When Russia first invaded Ukraine in February, it seemed plausible that nearly every cyberattack in the news might be coming from the Russian government. After years of disruptive high-profile Russian cyberattacks, like those targeting the Ukrainian electric grid in 2015 and 2016, the NotPetya attack in 2017, and the SolarWinds compromise in 2020, it seemed almost inevitable that Russia could—and would—exercise its sophisticated cyber capabilities as part of the conflict. This idea was so firmly entrenched that when there was a seemingly unrelated February breach at Nvidia, rumors immediately spread that that Russia might be behind it.
Six months into the war, there hasn’t been a single significant, successful cyberattack to its name in that time. That’s probably partly because Ukraine and other countries have significantly ramped up their cyber defenses, and partly because threat intelligence about Russia’s cyber operations seems to have been very good so far, enabling governments and companies to proactively counter Russian malware—but it’s also partly because Russia’s cyber operations simply haven’t been living up to the country’s previous reputation for sophisticated, destructive cyberattacks.
And now that reputation may be starting to change. In late August, Montenegro suffered a cyberattack that infected 150 computers in 10 government institutions with a piece of malware called Zerodate. It’s not entirely clear how far-reaching the damage of the attacks has been, but the combination of ransomware and distributed denial-of-service seems to have had a fairly profound impact on day-to-day life in the country. The AP reported that compared to attempted cyberattacks directed at other Eastern European countries in recent months, “the attack against Montenegro’s infrastructure seemed more sustained and extensive, with targets including water supply systems, transportation services and online government services, among many others.” The country was also forced to switch its electrical utility to manual control, according to the AP.
Meanwhile, BalkanInsight reported this week that Montenegro’s judicial system has been forced to postpone trials because people were unable to access the necessary computer networks. According to that report, “Courts and the prosecution service are … working only offline, as are the State Property Administration, the Central Register of Business Entities and the fiscal system.”
After the attack began, the government’s Agency for National Security immediately blamed Russia, saying the motive was probably Montenegro’s decision to implement sanctions against Russia. Government official Dusan Polovic told the AP, “I can say with certainty that this attack that Montenegro is experiencing these days comes directly from Russia.” The Agency for National Security referred to the attacks as part of a “hybrid war” and said in a statement that “coordinated Russian services” were responsible.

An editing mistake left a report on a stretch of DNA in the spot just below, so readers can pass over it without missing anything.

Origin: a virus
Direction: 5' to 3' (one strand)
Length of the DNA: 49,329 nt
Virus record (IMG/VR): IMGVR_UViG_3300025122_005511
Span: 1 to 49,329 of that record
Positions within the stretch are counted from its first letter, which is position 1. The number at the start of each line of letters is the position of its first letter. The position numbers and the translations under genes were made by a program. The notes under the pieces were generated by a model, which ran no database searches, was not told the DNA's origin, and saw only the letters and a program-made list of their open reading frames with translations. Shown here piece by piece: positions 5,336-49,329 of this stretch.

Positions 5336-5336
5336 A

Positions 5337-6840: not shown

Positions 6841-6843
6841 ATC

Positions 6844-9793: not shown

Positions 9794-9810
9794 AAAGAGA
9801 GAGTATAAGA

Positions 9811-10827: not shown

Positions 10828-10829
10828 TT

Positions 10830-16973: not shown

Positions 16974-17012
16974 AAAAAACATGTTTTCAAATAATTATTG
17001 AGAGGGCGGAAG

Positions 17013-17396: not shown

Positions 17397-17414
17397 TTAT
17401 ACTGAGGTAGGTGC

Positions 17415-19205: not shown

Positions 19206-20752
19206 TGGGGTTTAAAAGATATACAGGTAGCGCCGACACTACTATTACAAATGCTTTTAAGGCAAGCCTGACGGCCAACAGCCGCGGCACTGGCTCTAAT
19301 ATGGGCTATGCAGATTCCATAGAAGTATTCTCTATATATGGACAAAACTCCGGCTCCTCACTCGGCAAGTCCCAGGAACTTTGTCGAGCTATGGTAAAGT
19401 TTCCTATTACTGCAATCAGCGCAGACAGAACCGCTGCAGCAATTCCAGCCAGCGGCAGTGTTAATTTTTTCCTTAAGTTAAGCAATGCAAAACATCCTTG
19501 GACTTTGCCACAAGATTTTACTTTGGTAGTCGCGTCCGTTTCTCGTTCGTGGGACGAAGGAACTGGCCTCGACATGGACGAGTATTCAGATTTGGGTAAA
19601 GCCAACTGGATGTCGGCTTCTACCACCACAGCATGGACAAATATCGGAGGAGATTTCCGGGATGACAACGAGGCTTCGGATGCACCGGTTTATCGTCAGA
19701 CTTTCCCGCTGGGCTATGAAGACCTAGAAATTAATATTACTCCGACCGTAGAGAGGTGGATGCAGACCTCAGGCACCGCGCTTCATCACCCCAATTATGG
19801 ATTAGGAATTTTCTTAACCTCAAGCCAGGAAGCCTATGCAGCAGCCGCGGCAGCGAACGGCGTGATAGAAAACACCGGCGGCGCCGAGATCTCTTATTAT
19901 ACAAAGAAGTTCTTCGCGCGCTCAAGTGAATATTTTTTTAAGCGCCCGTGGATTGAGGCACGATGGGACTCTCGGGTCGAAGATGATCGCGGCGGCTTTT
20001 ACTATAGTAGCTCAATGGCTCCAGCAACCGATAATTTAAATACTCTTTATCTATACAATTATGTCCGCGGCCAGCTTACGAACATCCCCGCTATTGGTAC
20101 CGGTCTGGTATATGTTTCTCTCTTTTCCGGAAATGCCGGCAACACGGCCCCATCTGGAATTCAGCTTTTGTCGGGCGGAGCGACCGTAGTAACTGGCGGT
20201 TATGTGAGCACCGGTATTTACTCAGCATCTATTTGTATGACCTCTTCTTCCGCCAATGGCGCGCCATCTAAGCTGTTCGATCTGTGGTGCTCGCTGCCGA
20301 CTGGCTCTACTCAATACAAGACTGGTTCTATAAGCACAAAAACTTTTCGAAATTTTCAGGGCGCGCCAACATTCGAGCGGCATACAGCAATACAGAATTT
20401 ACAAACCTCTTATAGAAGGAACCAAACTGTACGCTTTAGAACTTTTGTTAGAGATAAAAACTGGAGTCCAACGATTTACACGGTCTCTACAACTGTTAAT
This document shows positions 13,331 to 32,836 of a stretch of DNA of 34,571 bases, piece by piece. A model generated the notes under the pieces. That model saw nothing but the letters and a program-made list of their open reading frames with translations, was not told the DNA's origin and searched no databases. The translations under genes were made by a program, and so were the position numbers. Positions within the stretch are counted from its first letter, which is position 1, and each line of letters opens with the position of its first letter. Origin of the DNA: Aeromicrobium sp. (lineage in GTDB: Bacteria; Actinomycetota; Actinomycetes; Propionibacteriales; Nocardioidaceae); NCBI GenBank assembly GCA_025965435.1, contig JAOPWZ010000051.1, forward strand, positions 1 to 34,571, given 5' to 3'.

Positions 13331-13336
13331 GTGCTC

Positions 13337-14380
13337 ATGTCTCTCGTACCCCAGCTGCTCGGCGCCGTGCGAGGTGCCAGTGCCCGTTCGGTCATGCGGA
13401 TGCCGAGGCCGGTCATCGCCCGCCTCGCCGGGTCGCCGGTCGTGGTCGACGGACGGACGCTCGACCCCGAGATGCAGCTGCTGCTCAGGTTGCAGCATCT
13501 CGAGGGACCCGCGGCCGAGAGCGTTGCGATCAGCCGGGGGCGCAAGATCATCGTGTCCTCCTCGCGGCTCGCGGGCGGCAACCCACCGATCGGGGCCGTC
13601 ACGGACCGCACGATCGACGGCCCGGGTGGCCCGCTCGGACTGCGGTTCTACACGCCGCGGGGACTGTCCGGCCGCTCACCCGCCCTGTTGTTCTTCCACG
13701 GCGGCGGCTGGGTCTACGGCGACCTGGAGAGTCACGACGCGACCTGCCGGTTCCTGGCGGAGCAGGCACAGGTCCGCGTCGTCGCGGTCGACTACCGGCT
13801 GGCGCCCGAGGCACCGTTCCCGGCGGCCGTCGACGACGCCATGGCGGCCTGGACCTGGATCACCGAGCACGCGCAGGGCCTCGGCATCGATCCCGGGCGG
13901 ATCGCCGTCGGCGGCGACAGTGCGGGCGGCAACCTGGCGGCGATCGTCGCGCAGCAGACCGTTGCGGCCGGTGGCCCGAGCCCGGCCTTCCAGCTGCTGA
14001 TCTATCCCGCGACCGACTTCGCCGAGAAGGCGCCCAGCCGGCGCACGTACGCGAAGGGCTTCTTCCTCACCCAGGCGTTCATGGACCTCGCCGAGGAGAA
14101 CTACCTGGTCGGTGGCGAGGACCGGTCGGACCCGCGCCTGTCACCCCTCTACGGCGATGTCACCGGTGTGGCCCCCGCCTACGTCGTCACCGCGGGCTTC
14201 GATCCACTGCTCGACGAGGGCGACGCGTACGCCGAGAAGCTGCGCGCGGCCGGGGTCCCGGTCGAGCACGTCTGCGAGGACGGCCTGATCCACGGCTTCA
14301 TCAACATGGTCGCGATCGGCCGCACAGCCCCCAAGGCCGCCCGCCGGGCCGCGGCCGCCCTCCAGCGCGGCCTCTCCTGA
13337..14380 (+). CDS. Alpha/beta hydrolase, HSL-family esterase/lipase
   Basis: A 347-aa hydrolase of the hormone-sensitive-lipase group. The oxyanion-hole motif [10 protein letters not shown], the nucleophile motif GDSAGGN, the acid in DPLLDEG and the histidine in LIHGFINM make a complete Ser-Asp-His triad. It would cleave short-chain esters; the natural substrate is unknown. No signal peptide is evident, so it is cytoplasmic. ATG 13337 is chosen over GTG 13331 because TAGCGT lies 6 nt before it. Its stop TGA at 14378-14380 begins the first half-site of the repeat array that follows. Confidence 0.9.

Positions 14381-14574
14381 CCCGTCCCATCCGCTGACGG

But despite months of warnings that Russia might retaliate against sanctions by using cyberattacks, the reception of Montenegro’s attribution claim has been fairly skeptical. Most coverage of the attack points out that Montenegro’s government has offered no real evidence that Russia was behind the attack. That’s fair and worth noting, but governments regularly make attribution claims about cyberattacks without offering much by way of concrete evidence. (The White House’s 2018 statement attributing NotPetya to Russia, for instance, does not include any evidence.)
If it was the work of the Russian government, it’s perhaps a sign that Russia’s streak of unsuccessful cyber operations may actually be coming to an end. After all, compromising the computer systems used to operate a country’s electric grid, court system, and fiscal system—and sustaining that compromise for more than a week—is the work of hackers who know what they’re doing.
It’s just not clear that those hackers actually have any ties to the Russian government. The criminal group Cuba (which is not connected with the country) has claimed credit for the attacks, according to malware researchers at VX-Underground—though somewhat bafflingly for a ransomware organization, there has been no request for a ransom payment according to officials in Montenegro. Some researchers at security firm Profero have said that members of the Cuba group speak Russian, but those same researchers said they believed the group was not state-sponsored. Officials in Montenegro have also begun blaming the attack on the Cuba group but have not walked back their claims that it is part of coordinated hybrid warfare on the part of the Russian government.
A few months ago, when fear of Russian cyber capabilities was much higher, people might have more easily believed such claims. But now when we see a successful cyberattack that targets critical infrastructure, rather than jumping to the conclusion that Russia must be behind it, we seem to have a sense that such things might be beyond what the Russian government can actually manage. It’s a reminder of how much our ideas and beliefs about what countries are capable of in cyberspace are built on the public evidence of what they’ve done recently—after all, how else can we assess a nation’s cyber arsenal? It’s also a reminder, though, that even though the Russian government hasn’t necessarily managed to compromise a lot of critical infrastructure networks recently, it’s certainly not the only one with the means and the motive for doing so. Good cyber defenses are as important as ever—even if Russia may not be the main reason for implementing them.
Future Tense is a partnership of Slate, New America, and Arizona State University that examines emerging technologies, public policy, and society.